AUSTIN, Texas (AP) – Lance Armstrong said Wednesday that the World Anti-Doping Agency and others are “owed an apology” from him for cheating during his cycling career, but noted that the agency’s chief rebuffed efforts to meet back in 2013.
David Howman, director general of WADA, told The Associated Press this week that he was disappointed Armstrong had not apologized for costly and time-consuming lawsuits before the former cycling champion admitted using performance-enhancing drugs.
Armstrong initially declined to comment on Howman’s remark, but on Wednesday provided the AP with a May 2013 email exchange with Howman, who initially indicted he could meet with Armstrong, then backed off under advice from WADA lawyers.
“I can talk at a suitable time and at a suitable place … What do you suggest?” Howman responded to Armstrong’s first inquiry about a meeting.
A few days later, after Armstrong recounted his upcoming schedule, Howman broke off the discussion.
“Having reflected upon your request to meet with me, and having taken advice from our lawyers, it is apparent that it is a situation where little, if anything, can be gained from such a meeting,” Howman wrote Armstrong.
Howman did not immediately respond Wednesday to requests for comment.
Armstrong won the Tour de France every year from 1999-2005. Those titles were stripped after a massive report in 2012 by the U.S. Anti-Doping Agency detailed doping by Armstrong and his U.S. Postal Service teammates. In the email, Howman said he told Armstrong’s attorneys months earlier they should meet with USADA.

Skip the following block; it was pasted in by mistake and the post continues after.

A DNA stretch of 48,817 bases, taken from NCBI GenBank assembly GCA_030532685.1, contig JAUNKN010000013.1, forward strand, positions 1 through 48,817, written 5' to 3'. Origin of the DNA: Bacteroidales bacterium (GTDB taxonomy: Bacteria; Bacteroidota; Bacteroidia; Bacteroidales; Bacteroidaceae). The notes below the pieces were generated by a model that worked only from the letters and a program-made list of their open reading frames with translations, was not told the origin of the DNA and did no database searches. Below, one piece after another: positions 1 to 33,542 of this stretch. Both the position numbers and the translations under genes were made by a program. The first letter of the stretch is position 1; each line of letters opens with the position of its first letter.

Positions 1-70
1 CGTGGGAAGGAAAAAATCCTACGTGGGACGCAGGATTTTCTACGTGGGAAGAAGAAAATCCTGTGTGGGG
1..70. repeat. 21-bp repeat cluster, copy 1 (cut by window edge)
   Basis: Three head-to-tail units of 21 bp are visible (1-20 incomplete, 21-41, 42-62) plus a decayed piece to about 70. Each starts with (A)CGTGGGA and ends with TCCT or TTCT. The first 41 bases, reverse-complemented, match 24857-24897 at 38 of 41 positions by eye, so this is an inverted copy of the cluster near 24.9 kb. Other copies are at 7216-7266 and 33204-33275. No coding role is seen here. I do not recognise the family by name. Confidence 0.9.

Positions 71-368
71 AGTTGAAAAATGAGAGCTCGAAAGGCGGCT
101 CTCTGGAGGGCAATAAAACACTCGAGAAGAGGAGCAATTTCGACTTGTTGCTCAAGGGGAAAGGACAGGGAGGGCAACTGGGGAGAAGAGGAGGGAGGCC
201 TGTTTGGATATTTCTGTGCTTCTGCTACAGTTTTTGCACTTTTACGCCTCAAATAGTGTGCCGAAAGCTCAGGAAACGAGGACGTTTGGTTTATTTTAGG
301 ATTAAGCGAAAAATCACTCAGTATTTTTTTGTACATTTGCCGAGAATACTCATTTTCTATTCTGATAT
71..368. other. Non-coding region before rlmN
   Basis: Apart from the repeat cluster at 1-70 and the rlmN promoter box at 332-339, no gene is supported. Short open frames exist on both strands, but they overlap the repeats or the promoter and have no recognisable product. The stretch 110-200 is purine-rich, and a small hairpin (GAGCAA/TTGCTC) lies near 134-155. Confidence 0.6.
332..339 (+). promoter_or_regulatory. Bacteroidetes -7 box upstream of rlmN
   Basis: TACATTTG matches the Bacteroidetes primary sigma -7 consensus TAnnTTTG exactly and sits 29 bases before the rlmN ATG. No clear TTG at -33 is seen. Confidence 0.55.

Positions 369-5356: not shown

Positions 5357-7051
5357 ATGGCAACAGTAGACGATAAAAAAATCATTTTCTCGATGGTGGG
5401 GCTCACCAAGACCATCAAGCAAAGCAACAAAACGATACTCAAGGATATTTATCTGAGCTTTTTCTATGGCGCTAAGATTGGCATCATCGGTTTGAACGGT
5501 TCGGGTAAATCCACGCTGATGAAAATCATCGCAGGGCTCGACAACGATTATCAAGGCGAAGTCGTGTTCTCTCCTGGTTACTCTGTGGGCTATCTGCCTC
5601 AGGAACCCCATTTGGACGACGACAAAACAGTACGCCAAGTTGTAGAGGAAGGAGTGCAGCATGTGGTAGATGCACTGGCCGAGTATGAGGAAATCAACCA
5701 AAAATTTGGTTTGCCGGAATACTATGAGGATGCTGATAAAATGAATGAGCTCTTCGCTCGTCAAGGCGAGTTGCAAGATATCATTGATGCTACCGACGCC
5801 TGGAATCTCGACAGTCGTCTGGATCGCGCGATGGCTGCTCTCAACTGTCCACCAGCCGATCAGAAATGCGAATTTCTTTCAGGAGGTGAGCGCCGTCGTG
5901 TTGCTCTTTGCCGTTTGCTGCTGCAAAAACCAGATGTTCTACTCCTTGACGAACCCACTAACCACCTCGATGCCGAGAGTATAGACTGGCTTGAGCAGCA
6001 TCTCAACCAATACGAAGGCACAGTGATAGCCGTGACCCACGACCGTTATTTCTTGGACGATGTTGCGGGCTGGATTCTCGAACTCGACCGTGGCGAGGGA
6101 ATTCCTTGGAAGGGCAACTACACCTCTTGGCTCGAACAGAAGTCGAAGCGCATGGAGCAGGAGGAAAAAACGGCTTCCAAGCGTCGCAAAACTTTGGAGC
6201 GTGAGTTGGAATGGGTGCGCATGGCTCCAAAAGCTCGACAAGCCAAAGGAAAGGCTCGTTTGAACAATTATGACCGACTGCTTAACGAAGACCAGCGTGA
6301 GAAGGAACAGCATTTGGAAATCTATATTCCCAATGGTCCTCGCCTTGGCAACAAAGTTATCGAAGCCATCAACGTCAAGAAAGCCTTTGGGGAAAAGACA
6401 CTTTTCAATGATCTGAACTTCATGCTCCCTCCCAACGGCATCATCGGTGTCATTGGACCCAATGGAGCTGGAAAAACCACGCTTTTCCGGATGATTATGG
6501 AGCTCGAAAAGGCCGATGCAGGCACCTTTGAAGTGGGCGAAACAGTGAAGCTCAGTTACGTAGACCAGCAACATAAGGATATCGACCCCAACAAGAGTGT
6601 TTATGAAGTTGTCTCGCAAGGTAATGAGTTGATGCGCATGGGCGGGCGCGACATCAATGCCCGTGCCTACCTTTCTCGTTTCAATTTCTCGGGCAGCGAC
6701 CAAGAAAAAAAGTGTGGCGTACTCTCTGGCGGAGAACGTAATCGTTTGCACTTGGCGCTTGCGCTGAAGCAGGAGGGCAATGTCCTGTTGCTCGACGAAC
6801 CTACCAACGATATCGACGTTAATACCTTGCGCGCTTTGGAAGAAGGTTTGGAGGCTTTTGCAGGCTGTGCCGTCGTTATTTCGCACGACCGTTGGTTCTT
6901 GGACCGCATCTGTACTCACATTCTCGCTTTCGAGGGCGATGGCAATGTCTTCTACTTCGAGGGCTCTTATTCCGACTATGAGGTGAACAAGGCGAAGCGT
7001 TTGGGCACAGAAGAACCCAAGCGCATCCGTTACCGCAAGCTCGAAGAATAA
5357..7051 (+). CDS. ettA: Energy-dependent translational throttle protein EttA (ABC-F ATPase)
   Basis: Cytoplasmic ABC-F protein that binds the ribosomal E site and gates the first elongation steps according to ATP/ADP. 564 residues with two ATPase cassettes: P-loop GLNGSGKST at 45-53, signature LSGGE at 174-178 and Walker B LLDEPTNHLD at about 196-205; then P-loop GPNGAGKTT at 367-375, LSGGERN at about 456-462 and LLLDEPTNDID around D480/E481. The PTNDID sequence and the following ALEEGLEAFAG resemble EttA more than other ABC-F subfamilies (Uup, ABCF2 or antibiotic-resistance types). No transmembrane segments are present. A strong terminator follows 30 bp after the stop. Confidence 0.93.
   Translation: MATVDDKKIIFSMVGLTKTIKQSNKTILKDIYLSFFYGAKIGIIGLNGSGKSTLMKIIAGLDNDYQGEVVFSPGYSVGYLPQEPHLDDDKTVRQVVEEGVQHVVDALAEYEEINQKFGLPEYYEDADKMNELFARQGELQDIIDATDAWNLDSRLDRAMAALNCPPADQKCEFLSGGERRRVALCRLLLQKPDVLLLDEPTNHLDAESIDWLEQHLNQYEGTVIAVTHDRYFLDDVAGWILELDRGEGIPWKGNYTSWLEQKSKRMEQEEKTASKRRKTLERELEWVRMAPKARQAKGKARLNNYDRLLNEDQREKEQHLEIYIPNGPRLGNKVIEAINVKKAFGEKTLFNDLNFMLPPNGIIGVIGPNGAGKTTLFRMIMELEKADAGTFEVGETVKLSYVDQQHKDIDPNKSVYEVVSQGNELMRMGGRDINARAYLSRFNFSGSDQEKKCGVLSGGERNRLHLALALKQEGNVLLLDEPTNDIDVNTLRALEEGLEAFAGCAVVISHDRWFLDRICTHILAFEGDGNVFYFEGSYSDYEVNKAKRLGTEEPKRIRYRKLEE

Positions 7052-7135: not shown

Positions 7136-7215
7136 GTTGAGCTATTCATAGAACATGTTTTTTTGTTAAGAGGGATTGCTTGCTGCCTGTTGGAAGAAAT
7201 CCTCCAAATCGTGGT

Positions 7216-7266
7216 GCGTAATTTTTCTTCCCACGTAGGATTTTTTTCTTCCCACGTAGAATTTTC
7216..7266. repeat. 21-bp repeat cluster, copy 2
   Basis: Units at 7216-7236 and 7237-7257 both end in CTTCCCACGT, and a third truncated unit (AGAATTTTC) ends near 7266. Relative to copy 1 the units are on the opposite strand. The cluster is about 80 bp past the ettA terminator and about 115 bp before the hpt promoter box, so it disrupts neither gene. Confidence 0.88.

Although the intent of the meeting request with Howman is not relayed in emails, Armstrong said Wednesday he reached out to Howman in hopes of discussing a potential “truth and reconciliation” effort to confront doping in cycling.
A probe into the sport’s doping problems was later conducted by the Cycling Independent Reform Commission, which met twice with Armstrong and issued its report in March.
Part of the report detailed Armstrong’s efforts to debunk a report by the French newspaper L’Equipe that found his urine samples from the 1999 Tour de France tested positive for EPO, a hormone that helps endurance. The UCI hired Dutch lawyer Emile Vrijman to investigate the findings and the probe produced a report that Vrijman claimed exonerated Armstrong and instead blamed WADA and the testing lab.
The report released last month detailed how Armstrong’s lawyers were allowed to help write the report that criticized WADA.
Armstrong said he doesn’t know if he would have apologized to Howman had they met in 2013, but it would have been a chance to do it in person.
“I was in a different headspace,” Armstrong said. “There’s no doubt that a lot of people like them, like USADA, are owed an apology.”
Armstrong said there’s been no attempt to meet with Howman since 2013.